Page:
Article by Brian Sewell
It is widely assumed that the young British Milords of the 18th century suffered the many privations of the Grand Tour solely to see Italy’s wonders of classical antiquity and their successors, the great works of the Renaissance. For the hazards of the road – wretched horses overworked, recalcitrant ostlers and postillions, broken axles and the calamitous overturnings of their carriages – paintings in the Uffizi were the compensation; for the damp sheets, sour wine and unrecognisable food of wayside inns, great domes and altarpieces painted by Correggio were the reward; and as compensation for the universal stinks of bowels and bladders casually emptied, young men on their way to Rome could dream of Raphael and Michelangelo. This was quite certainly the case – but not the only case.
The grand tour was as fundamental to their sexual education as to their aesthetic awareness. In Turin an accomplished Countess might take a virgin Englishman half her age into her bed, and by the time, months or even years later, that he reached Venice via Rome and Naples, he’d have experienced the wiles of prostitutes, courtesans, and every kind of willing woman and transvestite boy. As one Canon of Westminster grimly put it, “Boys just escaped from the lash of a severe schoolmaster… to a foreign country… give full swing to their passions and lead such lives as would be attended by shame at home.” Many of them returned to Britain with what one diarist described as “the modish distemper of Italian ladies” and had to suffer the painful recourse of mercury cure that might drive them almost as mad as the tertiary syphilis for which it was supposed to be the remedy. Less menacing pleasures were, however, to be found in having their portraits painted in the Italian manner, in dancing and music lessons, in instruction from fencing-masters, in renewing their wardrobes with the velvets and flowered silks of Italy that were far more exotic than those available in London, in gambling, drinking and, above all, in the opera.
In the innumerable surviving letters, journals and diaries of Grand Tourists, opera is mentioned more often and far more specifically than painting, sculpture and architecture. From those we know where, when and by whom operas were performed, which opera houses deserved their reputations and how in decline and badly managed others were, and singers were tellingly compared. Three young lords travelling together, Middlesex, Raymond and Barrington, having heard Faustina Bordoni sing in Venice in 1737, were inspired by her performance to mount an opera of their own in Lucca two months later, in which Middlesex himself played the role of a Roman Consul returning in triumph to the city riding a white charger. Horses on stage were then almost a sine qua non of opera; Thomas Brand, who became a worldly Norfolk vicar, saw seventy horses ridden by soldiers of the Piedmontese Cavalry in the Turin opera house in 1783, and in 1750, on the same stage, Edward Thomas, a doctor, had seen elephants as well as a chorus of more than two hundred in “gorgeous apparel” and armies of actors and dancers in an opera that he dubbed “the finest in Europe, both on account of the music and the machinery.”
It may be that the observations of such travellers, hitherto almost exclusively of interest to English historians of art, have something to contribute to the history of opera in the 18th century. Brand commented on Cimarosa’s music as “very pleasing, tho I cannot think there is much originality in it”; of this composer we know something, but how many of us know anything of the Marcello da Capua of whose Il Conte di Bel Umore Brand thought “much inferior to Cimarosa,” or of Vincenzo Fabrizi or Angelo Tarchi? Of Vaneschi, the improvvisatore who assisted Middlesex in the (no doubt amateur) production of his opera in Lucca, there is no record in any ready work of reference. Evidence repeatedly suggests that of hundreds, perhaps thousands, of operas, not even fragments have survived, that operas were written and composed within a matter of days and that, as with Handel, composers often re-used the better parts of unsuccessful works; indeed, the overall picture of Italian opera in the 18th century is more of a production-line industry than an art, a form of entertainment so commonplace that, much to the annoyance of Grand Tourists, the music was often drowned by the gossip of the audience. Their chattering paused only for particular singers, of some of whom we know a great deal. The reputation of the Faustina Bordoni favoured by Lord Middlesex spread to the great courts of Europe and Handel brought her to London in 1726 – in a flight of fancy we should perhaps imagine Middlesex at the age of 15 developing an adolescent crush for her. Farinelli, to whom Englishmen continued to pay homage with visits long after he could no longer sing, was so famous as to be notorious – but then castration always gave a useful edge to fame. Richard Mountedgcumbe, the 13-year old boy on the left in Zoffany’s great painting of The Tribuna of the Uffizi (added to it in 1777), grew into an enthusiast for music rather than the visual arts; at 20, on his proper Grand Tour in 1784-5, he paid court to Gaetano Guadagni, a contralto castrato much admired by Gluck but by then a cracked soprano of 60; and Luigi Marchesi, a soprano castrato of 30, he thought incomparable when passion and energy were demanded by the music of the forgotten Bianchi, Sarti and the Myslivecek for whom Mozart expressed admiration.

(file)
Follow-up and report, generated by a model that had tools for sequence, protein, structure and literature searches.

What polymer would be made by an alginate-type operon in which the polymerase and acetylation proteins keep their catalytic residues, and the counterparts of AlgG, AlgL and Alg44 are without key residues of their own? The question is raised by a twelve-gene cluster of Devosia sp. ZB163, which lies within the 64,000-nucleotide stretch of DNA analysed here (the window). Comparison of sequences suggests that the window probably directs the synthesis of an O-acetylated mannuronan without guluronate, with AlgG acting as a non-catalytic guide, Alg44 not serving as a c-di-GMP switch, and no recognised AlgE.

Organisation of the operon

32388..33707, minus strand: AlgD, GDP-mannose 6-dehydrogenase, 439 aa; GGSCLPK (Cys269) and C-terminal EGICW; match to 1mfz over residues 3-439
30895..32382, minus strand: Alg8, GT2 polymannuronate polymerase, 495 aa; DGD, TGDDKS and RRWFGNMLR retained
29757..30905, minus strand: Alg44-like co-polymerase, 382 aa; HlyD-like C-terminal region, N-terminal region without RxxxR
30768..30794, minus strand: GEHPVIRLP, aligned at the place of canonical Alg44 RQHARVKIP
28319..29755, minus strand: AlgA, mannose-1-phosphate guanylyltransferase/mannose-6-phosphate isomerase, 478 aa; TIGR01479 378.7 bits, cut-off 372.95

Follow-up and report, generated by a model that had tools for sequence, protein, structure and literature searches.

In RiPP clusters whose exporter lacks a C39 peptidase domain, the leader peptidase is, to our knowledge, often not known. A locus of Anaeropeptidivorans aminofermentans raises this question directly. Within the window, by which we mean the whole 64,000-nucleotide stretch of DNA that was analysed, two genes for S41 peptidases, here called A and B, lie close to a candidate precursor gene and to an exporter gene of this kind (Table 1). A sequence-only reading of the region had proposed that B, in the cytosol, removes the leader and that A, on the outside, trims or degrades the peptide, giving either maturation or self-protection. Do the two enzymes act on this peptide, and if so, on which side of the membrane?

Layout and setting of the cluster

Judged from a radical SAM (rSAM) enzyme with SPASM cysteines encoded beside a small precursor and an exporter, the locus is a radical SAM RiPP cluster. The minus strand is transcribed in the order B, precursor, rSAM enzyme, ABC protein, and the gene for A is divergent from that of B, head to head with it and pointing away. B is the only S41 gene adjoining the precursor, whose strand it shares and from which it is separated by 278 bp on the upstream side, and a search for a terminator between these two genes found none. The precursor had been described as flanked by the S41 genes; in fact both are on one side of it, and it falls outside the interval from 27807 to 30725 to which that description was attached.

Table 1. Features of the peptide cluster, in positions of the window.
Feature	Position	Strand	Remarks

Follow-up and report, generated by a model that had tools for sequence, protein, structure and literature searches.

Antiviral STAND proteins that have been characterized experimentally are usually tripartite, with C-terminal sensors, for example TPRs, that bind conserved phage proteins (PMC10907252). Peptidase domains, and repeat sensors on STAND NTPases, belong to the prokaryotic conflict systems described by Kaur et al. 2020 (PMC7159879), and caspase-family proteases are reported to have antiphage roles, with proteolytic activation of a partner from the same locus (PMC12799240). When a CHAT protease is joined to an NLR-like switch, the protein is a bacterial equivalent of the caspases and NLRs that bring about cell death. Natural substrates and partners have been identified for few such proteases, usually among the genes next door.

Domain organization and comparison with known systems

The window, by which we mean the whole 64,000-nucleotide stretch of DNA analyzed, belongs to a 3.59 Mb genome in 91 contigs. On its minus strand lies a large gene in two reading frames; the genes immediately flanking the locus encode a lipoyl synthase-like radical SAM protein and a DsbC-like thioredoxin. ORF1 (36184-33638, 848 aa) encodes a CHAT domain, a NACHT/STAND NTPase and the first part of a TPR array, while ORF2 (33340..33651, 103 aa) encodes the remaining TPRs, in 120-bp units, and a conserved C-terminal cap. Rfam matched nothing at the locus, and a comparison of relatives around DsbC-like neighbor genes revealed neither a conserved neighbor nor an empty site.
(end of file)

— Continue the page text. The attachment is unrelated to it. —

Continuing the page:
What is clear from Mountedgcumbe’s Musical Reminiscences, published in 1824 is that he and many other Englishmen were happy to travel hither and yon in Italy to hear and judge the performance of great singers, and that this was at least as much the objective of their Grand Tours as seeing and collecting antiquities and art on the well-worn trail from Turin to Milan, Bologna, Florence, Rome, Naples, Paestum, Venice and all points between; many went to cities where nothing was visually worth the journey, solely to witness the performance of an unfamiliar opera or hear a singer renowned or new to them, with no guarantee that the journey would be worthwhile. “Upon the whole,” Mountedgcumbe declared, “I was surprised at hearing so little very good… and still more at the extreme badness of much which I have passed over unnoticed.” From the reminiscences of others it is evident that the quality of singing, production and orchestra varied wildly not only between one great opera house and another, but within them from performance to performance. Opera in Florence was one year described as “by far the best in Italy” and the next “by far the worst;” opera in Naples did not remain “abominable” nor in Bologna keep unsullied its reputation for being “extraordinarily delicate and fine” and, in one year, “the finest that was ever heard.” All this indicates that the English audience for opera in Italy was well informed, that based on the high levels of production and performance in London Grand Tourists had even higher expectations in the country of its origin and were not prepared to be bamboozled. They were generous with their praise when it was merited and not in the least afraid of expressing adverse criticism. And they were bitterly critical of native audiences that chattered throughout performances and even engaged in conversation with singers on the stage.